Of course cancellations happen and could be for any number of reasons, but what I wanted to see from Enwezor – who was present later at various Creative Time Summit events – was a condemnation of the poor working conditions of impoverished people literally constructing major arts institutions in a bid to rise out of abject poverty. Enwezor did speak about Gulf Labor and why he invited them to participate in the Biennale in an interview with Amy Goodman, broadcast three days later on American syndicated radio show Democracy Now! Enwezor responded that the issues surrounding the poor treatment of workers in Abu Dhabi “makes for news”, going on immediately to say that, “for me it is not necessarily to say that I absolutely endorse everything that Gulf Labor does, but I am committed to what they represent as the question of active citizenship and this active citizenship needs to have a public platform.”

This not only feels shockingly lukewarm but further, his endorsement of the “active citizenship”, would appear to be a way of aligning with “activism” or “political involvement” without an endorsement of Gulf Labor’s actual aims. There is an issue of responsibility here: that of Enwezor, but also that of the rest of us who claim to speak of a political art form. Indeed, Enwezor did speak during his opening address of the “responsibility of an exhibition as a public forum.” Arguably, such responsibility doesn’t necessarily come naturally and can come at a price, but this is precisely why the badge of 'political' curator or artist must not be worn unless the practitioner of political art is 100 per cent committed to speaking out in the name of justice.

As Dmitry Vilensky said, speaking at the close of the second day of the 2015 Creative Time Summit: “There's a big difference between making a political exhibition and making an exhibition politically.” Political art must be seen to be genuinely political and that means demonstrating full respect both for artworld colleagues, from the cleaning staff to the museum director or collector and for the subjects we claim to represent.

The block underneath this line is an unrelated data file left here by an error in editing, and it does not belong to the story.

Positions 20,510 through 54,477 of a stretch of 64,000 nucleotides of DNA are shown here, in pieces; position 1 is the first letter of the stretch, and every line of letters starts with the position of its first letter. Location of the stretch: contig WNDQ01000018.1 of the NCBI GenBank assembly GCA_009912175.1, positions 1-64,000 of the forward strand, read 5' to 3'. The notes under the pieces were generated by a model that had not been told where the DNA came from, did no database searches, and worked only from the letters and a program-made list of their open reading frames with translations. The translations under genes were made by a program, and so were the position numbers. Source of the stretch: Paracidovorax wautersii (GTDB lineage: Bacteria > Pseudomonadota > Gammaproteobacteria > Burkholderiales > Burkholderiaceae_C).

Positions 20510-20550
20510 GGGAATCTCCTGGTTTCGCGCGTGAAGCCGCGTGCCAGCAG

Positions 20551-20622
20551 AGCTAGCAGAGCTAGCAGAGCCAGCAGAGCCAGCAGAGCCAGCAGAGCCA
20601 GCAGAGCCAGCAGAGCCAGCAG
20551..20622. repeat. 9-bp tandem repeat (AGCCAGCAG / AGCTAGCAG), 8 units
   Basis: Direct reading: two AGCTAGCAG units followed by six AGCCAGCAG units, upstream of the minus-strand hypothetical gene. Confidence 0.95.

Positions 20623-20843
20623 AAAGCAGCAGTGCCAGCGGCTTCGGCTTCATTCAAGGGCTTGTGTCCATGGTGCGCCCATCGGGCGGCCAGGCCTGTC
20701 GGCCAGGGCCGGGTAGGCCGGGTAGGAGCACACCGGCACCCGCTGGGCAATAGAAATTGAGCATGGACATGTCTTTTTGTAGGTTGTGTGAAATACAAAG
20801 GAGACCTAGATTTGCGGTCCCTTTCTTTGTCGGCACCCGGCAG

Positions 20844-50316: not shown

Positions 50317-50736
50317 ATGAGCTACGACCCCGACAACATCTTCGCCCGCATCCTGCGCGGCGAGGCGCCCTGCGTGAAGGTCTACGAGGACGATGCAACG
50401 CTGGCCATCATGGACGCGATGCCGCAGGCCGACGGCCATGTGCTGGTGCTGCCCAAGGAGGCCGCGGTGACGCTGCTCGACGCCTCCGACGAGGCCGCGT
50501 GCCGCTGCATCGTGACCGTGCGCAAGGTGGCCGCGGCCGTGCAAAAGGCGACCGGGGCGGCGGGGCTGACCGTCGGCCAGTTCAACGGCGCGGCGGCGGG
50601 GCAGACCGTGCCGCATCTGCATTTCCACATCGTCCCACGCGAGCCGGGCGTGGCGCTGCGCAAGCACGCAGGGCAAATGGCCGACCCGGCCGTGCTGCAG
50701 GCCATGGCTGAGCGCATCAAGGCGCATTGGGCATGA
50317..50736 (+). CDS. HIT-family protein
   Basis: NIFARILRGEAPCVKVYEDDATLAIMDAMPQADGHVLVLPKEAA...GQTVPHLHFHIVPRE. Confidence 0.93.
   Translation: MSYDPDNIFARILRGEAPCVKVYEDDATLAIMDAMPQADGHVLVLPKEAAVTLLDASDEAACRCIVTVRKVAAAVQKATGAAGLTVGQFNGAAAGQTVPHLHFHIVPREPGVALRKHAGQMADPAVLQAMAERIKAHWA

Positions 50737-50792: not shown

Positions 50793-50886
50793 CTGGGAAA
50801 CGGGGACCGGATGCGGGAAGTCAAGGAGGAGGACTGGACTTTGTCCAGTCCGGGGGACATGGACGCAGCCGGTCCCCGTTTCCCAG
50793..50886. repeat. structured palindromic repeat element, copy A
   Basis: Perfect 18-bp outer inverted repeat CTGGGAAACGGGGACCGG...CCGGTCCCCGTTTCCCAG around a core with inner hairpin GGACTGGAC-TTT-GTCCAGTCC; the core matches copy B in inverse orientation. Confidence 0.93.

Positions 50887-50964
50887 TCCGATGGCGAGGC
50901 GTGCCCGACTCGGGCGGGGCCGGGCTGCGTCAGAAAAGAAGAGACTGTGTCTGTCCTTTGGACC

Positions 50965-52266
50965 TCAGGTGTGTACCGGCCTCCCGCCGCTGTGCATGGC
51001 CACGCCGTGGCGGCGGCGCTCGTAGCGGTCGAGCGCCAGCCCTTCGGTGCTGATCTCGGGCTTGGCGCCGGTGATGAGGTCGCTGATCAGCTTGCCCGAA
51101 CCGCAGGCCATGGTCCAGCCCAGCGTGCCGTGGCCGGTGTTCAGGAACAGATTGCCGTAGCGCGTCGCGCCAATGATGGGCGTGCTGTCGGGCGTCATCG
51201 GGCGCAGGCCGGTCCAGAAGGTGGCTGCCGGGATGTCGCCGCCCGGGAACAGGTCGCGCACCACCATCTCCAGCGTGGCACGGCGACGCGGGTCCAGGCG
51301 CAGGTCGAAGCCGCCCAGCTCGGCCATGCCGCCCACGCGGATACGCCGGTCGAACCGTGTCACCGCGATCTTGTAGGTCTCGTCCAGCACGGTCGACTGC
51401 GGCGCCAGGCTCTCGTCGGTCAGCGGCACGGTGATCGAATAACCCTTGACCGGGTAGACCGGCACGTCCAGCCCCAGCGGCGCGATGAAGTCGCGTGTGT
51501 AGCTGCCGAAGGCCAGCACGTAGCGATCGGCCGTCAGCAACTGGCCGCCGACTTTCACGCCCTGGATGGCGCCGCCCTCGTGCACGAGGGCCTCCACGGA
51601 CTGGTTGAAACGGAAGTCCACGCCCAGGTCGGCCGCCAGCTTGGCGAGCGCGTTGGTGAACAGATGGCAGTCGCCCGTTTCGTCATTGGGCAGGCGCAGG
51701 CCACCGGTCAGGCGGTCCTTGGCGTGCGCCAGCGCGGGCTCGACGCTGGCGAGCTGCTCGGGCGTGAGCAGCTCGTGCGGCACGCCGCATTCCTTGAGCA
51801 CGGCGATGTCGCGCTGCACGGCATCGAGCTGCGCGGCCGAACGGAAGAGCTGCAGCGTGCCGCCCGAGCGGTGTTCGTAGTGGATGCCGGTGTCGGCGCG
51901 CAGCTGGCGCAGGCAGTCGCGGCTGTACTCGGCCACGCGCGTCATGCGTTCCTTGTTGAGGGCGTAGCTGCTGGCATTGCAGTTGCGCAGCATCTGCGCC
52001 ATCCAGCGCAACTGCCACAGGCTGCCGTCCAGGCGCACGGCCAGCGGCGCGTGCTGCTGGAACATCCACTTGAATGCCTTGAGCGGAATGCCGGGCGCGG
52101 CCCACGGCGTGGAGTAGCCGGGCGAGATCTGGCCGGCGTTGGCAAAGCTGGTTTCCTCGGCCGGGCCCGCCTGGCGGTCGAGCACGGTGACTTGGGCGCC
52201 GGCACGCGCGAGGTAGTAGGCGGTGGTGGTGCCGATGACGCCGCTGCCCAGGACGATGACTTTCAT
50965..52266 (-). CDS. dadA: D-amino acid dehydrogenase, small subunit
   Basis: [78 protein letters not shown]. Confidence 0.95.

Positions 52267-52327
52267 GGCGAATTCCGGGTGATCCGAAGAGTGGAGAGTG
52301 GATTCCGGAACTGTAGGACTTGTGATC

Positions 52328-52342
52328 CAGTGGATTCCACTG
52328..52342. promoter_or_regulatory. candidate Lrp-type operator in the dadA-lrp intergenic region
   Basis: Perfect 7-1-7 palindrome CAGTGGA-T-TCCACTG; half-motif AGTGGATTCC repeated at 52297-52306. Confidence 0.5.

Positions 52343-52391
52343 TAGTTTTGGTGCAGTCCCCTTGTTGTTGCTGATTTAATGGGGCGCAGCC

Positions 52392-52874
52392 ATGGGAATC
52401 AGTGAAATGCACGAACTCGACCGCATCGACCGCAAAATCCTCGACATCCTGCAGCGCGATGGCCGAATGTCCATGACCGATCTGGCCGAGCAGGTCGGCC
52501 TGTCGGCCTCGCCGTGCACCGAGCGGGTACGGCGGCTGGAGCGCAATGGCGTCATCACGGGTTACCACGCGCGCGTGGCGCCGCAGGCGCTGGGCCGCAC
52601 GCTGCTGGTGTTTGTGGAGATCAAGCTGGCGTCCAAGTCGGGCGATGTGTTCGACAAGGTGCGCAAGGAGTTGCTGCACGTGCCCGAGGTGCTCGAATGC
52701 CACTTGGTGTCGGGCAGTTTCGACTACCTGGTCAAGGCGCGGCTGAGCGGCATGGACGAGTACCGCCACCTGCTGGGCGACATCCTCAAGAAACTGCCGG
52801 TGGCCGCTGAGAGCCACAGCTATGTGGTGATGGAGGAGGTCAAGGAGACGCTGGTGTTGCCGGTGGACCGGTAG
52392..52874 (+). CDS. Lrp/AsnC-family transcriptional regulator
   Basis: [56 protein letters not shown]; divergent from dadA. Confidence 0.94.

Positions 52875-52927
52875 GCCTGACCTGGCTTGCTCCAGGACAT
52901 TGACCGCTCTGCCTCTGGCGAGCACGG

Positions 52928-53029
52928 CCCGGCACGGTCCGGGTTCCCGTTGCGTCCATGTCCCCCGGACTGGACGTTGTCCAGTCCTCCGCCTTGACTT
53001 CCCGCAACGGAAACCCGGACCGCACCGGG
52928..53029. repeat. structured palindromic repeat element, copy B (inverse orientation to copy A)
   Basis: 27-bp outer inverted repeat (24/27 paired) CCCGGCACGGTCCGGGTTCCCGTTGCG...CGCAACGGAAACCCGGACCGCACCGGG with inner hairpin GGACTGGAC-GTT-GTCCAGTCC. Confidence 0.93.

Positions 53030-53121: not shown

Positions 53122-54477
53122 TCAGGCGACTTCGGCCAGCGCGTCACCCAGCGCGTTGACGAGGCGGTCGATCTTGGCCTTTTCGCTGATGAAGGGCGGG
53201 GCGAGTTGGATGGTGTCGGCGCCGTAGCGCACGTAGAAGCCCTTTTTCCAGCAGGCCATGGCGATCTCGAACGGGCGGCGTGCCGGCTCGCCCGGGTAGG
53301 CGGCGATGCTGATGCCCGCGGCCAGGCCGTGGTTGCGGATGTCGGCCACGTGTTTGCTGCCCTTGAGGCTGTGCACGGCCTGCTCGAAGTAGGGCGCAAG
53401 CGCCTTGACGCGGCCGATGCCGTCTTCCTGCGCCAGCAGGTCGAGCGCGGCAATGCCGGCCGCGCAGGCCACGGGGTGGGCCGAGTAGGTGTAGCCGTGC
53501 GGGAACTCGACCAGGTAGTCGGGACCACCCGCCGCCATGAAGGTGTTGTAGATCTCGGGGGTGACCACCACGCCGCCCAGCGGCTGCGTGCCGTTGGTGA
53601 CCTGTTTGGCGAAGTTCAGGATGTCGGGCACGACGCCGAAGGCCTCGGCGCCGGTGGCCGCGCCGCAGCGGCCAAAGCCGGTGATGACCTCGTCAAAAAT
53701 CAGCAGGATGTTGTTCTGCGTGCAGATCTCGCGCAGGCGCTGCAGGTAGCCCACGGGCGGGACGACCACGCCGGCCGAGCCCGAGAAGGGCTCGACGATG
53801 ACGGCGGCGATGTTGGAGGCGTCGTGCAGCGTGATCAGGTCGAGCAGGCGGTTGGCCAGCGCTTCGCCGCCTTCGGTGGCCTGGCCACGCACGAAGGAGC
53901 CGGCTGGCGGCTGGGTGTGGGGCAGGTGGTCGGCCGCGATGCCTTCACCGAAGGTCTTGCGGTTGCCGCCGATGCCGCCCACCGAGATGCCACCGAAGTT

“There's a big difference between making a political exhibition and making an exhibition politically” 

The question might be asked over whether it’s possible to make political art today given the class and economical composition of the artworld, together with the wider socio-political framework we inhabit. It has been a question that has been long asked, from Theodor Adorno in the 1960s onwards. Perhaps it is a question we need to leave behind as we push on to convincing political actions. The only other possibility is to stop making political claims altogether if they cannot be sustained.

As a course of action I would suggest that it is essential above all that the responsibility assumed by political art practitioners is seen to manifest itself in actions which mirror talk and gestures. As such, and to return to this particular issue, nothing short of a full boycott of the institutions associated with the claims of Gulf Labor is warranted, whilst, more generally, a concerted effort must be made by art institutions and businesses to pay all workers fairly and to establish meritocratic and open guidelines for recruitment. Additionally, the class makeup of the art world needs to be addressed, for social class is the elephant in the room within the art world. Finally day-to-day social art actions need to be directed towards real world political outcomes which take into account the individuals who are most affected by the issues we address, whether they be capitalism, ecology, urban gentrification, immigration, poverty, racism, sexism or homophobia. Above all, those who speak for political art must be seen to be 100 per cent committed to calling out injustice wherever it exists. Otherwise we fail ourselves as well as failing the oppressed we claim to speak for.

15 August 2015